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Java Secret: Generated methods

07.19.2011
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 The Java compiler generates extra methods which appear in stack traces. These can be confusing at first. What are they and why do they exist?

The access model in the JVM

The access model in the JVM has not changed significantly since version 1.0. However, Java 5.0 added features such as inner/nested classes and convariant return types which were not in the original design. So how are they supported?

The issue with nested classes

Nested classes can access private methods and fields of an outer class. However the JVM does not support this so the compiler generates methods as a workaround.

Private Methods


In this example, the inner class calls a private method init() of the outer class.

public class PrivateMethod { // line 4
    private void init() {
        throw new UnsupportedOperationException(); // line 6
    };

    class Inner {
        Inner() {
            init();
        }
    }

     public static void main(String... args) {
        PrivateMethod pm = new PrivateMethod();
        Inner inner = pm.new Inner();
    }
}

So what does the stack trace look like when we run this?

Exception in thread "main" java.lang.UnsupportedOperationException
 at com.google.code.java.core.javac.generated.PrivateMethod.init(PrivateMethod.java:6)
 at com.google.code.java.core.javac.generated.PrivateMethod.access$000(PrivateMethod.java:4)
 at com.google.code.java.core.javac.generated.PrivateMethod$Inner.(PrivateMethod.java:11)
 at com.google.code.java.core.javac.generated.PrivateMethod.main(PrivateMethod.java:17)

In the stack trace there is a method called access$000 on line 4 which is the first line of the class. Is this a real method? What do we see in the byte code?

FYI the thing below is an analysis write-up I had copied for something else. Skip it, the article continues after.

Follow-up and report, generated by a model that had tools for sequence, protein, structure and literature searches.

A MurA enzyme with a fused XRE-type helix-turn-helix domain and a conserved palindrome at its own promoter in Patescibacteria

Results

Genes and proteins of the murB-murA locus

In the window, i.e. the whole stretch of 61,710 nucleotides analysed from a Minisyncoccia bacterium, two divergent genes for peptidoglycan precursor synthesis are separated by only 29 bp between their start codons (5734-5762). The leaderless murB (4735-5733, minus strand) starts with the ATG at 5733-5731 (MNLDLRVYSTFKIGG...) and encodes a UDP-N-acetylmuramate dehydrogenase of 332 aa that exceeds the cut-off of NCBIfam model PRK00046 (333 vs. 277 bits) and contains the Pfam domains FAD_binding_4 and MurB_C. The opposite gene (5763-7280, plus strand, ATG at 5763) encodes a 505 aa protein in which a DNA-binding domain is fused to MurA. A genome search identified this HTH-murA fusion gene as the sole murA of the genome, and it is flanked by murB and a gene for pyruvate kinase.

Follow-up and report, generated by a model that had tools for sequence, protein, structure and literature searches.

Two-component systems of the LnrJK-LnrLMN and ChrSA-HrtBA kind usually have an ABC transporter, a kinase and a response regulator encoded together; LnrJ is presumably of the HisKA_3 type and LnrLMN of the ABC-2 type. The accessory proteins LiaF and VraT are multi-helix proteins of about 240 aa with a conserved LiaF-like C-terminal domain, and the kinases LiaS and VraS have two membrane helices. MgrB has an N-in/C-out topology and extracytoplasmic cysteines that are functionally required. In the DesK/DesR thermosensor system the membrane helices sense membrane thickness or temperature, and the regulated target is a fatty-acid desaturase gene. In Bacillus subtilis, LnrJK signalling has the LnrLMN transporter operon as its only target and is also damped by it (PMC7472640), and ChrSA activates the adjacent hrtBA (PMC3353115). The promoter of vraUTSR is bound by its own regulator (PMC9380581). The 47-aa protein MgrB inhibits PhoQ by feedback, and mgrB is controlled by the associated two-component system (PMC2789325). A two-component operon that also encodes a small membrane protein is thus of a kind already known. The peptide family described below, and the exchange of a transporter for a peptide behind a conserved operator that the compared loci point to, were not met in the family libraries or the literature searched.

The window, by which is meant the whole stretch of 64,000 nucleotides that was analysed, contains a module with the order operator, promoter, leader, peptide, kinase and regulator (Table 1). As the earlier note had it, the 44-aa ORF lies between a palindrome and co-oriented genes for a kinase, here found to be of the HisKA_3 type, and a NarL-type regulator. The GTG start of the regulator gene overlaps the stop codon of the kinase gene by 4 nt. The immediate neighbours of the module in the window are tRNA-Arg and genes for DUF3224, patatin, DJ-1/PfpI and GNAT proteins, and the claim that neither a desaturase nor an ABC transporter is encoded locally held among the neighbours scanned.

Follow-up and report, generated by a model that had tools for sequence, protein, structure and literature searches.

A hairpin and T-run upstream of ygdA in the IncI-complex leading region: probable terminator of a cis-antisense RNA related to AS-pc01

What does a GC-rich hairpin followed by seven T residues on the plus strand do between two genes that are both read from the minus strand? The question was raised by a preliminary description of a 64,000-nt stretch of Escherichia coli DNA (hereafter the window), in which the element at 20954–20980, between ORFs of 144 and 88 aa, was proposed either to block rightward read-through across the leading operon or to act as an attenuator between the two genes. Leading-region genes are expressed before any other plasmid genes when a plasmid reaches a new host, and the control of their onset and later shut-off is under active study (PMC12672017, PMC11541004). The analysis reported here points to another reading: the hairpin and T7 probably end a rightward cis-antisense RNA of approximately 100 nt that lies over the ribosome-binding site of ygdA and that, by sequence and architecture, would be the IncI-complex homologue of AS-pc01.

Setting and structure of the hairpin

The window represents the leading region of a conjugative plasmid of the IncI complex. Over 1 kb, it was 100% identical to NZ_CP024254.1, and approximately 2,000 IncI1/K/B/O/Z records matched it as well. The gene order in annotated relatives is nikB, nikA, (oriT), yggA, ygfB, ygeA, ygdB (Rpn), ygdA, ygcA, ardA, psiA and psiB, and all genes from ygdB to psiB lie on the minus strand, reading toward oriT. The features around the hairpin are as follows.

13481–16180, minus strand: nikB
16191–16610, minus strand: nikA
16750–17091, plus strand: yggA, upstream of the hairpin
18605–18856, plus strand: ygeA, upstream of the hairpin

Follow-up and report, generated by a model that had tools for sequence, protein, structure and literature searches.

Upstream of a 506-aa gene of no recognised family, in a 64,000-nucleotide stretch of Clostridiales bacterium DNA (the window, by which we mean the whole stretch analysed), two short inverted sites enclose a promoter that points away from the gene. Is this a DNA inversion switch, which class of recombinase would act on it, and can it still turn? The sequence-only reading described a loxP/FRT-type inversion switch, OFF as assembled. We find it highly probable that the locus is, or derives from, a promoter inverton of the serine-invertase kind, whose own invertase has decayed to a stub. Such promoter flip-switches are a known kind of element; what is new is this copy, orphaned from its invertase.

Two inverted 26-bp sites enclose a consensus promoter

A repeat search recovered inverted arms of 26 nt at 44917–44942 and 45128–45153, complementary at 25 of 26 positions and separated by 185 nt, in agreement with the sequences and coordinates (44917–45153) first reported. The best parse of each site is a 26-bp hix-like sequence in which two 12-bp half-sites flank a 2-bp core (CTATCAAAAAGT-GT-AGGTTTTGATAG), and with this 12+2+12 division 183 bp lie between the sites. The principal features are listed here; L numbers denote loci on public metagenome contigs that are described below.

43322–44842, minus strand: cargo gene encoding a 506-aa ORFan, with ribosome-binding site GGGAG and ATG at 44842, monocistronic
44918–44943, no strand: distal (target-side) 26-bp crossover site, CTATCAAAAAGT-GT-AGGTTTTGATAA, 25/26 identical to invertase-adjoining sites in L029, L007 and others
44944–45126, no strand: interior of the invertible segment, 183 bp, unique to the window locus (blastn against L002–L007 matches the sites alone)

$ javap -c -private -classpath . com.google.code.java.core.javac.generated.PrivateMethod

static void <b>access$000</b>(com.google.code.java.core.javac.generated.PrivateMethod);
  Code:
   0:   aload_0
   1:   invokespecial   #1; //Method init:()V
   4:   return

$ javap -c -private -classpath . com.google.code.java.core.javac.generated.PrivateMethod\$Inner
Compiled from "PrivateMethod.java"
public class com.google.code.java.core.javac.generated.PrivateMethod$Inner extends java.lang.Object{
final com.google.code.java.core.javac.generated.PrivateMethod this$0;

com.google.code.java.core.javac.generated.PrivateMethod$Inner(com.google.code.java.core.javac.generated.PrivateMethod);
  Code:
   0:   aload_0
   1:   aload_1
   2:   putfield        #1; //Field this$0:Lcom/google/code/java/core/javac/generated/PrivateMethod;
   5:   aload_0
   6:   invokespecial   #2; //Method java/lang/Object."":()V
   9:   aload_1
   10:  invokestatic    #3; //Method com/google/code/java/core/javac/generated/PrivateMethod.
                        <b>access$000</b>:(Lcom/google/code/java/core/javac/generated/PrivateMeth
   13:  return

}
The compiler has added a static method which is not private so the Inner class can access the private method of the outer class indirectly.

Private Fields

Private fields are accessed via a getter and setter, but the compiler can generate methods for assignment operations such as ++ and *=
public class PrivateField {
    private int num = 0;